My recent article on the most popular double edge razors by sales included the Parker 99R. Here is my take on that razor.
From the Super Safety Razors website:
“The Parker 99R is an extremely popular safety razor. Launched in 2008, this hefty razor was an immediate success because of the awesome shave quality it delivered. The razor has a distinguished knurled handle, heavyweight feel and a unique butterfly door mechanism which is activated by turning the knob at the bottom of the razor. It is a great razor for both new and seasoned wet shaving enthusiasts.
- Razor type: Butterfly open safety razor
- Weight: 4.0 oz.
- Length: 3.8 in.
- Handle material: Genuine brass framed, chrome plated”
My Experience With The Parker 99R Razor
(Amazon and West Coast Shaving links are affiliate.)
The Parker 99R (along with the 65R, and 91R) are all called “Super Heavyweight” razors, coming in at around 4 oz. (the 98R, a three piece razor, is called “ultra heavyweight” at 4.3 oz. ). All Parker TTO razors use the same head design (with minor changes in TTO hardware depending on the type of handle used), much like how Edwin Jagger uses the same three piece head for their DE89 series. Differences in shave-feel between Parker TTO models will come from variations in weight, balance, and grip, depending on the handle.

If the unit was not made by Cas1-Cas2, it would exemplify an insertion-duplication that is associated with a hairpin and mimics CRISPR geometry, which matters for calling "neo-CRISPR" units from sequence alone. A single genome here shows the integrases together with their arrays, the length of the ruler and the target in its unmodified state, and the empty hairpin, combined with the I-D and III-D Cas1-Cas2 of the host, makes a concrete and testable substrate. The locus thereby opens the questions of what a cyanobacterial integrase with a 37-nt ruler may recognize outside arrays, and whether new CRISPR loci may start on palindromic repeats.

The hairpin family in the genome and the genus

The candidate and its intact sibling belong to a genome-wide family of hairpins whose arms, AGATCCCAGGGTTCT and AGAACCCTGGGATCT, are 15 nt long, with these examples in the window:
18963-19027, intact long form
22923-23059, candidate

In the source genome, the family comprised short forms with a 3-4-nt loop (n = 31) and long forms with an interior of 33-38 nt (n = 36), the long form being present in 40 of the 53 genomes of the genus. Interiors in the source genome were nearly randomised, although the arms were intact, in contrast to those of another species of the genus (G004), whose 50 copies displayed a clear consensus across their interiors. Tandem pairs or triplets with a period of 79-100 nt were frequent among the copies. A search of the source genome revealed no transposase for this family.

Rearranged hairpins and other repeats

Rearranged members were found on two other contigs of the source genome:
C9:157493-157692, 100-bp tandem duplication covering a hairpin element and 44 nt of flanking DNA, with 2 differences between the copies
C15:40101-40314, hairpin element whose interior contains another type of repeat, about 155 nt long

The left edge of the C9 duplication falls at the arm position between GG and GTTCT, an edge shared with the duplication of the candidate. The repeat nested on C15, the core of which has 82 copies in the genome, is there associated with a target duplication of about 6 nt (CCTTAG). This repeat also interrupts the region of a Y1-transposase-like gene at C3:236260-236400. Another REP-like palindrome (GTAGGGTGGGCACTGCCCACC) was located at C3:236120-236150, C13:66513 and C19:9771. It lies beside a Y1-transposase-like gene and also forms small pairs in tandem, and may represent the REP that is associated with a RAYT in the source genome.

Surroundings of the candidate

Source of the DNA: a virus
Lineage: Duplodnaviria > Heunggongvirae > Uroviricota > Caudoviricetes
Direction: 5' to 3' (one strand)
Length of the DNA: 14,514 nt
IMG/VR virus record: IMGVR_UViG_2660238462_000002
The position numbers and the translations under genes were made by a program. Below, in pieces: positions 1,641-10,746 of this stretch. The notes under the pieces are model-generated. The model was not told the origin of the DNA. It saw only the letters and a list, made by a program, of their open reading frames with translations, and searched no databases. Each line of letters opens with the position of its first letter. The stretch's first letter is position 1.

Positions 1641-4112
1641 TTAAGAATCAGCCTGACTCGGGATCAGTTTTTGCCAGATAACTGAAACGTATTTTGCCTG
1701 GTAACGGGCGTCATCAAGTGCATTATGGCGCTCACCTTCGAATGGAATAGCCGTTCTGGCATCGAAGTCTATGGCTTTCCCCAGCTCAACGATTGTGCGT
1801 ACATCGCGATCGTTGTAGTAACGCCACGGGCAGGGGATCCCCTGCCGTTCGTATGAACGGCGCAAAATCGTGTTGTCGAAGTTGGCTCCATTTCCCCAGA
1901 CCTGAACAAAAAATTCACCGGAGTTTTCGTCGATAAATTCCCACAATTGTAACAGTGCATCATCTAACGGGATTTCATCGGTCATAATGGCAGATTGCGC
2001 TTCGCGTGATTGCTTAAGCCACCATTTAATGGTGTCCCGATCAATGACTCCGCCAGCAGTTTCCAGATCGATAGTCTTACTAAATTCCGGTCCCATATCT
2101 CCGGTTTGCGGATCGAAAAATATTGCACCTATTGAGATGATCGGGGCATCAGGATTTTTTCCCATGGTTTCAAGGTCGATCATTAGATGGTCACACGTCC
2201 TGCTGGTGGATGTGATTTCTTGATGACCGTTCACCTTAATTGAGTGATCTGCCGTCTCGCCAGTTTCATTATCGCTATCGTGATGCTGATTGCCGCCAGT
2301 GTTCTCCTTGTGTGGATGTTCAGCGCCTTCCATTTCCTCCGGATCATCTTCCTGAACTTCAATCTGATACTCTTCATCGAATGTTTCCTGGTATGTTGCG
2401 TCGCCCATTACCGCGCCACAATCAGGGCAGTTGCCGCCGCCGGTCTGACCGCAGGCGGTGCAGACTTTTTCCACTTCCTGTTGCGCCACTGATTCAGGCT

I find the ‘height’ of the Parker TTO head small enough not to cause a problem when negotiating tight spots like under the nose (YMMV). Some other TTO razor heads have given me problems with that.
(I should note that I think all TTO-style razors, including Parker’s, have some inherent design characteristics that can make the opening and closing process something that you need to pay attention to.)
The full-length texturing of the 99R’s handle is appreciated by many. While I’ve never had a problem with it slipping out from between my wet fingers during a shave I personally prefer the grip and balance of the resin-coated 92R.
For the shave itself, I find the Parker 99R, like other Parker TTO razors, to be just a bit more aggressive than average, with a fair amount of blade exposure, but not so much that I can’t enjoy using it. And I think it has a fairly generous razor/blade angle range–in other words I can hold the razor at different angles and still get a ‘safe’ cut on my stubble.
The razor’s weight makes it a good example of how a shaver should “let the weight of the razor do the cutting.” Pressing down on a 99R may provide undesirable results!
All-in-all I find the Parker 99R to be a predictable, value-oriented twist-to-open double edge (DE) safety razor. If you’re looking for a heavier razor the 99R would certainly worth getting.
The 99R comes with a pack of Parker double edge razor blades (which I like).
And the 99R (like many Parker razors) is widely available at online outlets like Super Safety Razors, Amazon, Maggard, and West Coast Shaving. You might even find them some “brick and mortar” stores.
Do you have a Parker 99R razor? What do you think of it? Leave a comment below!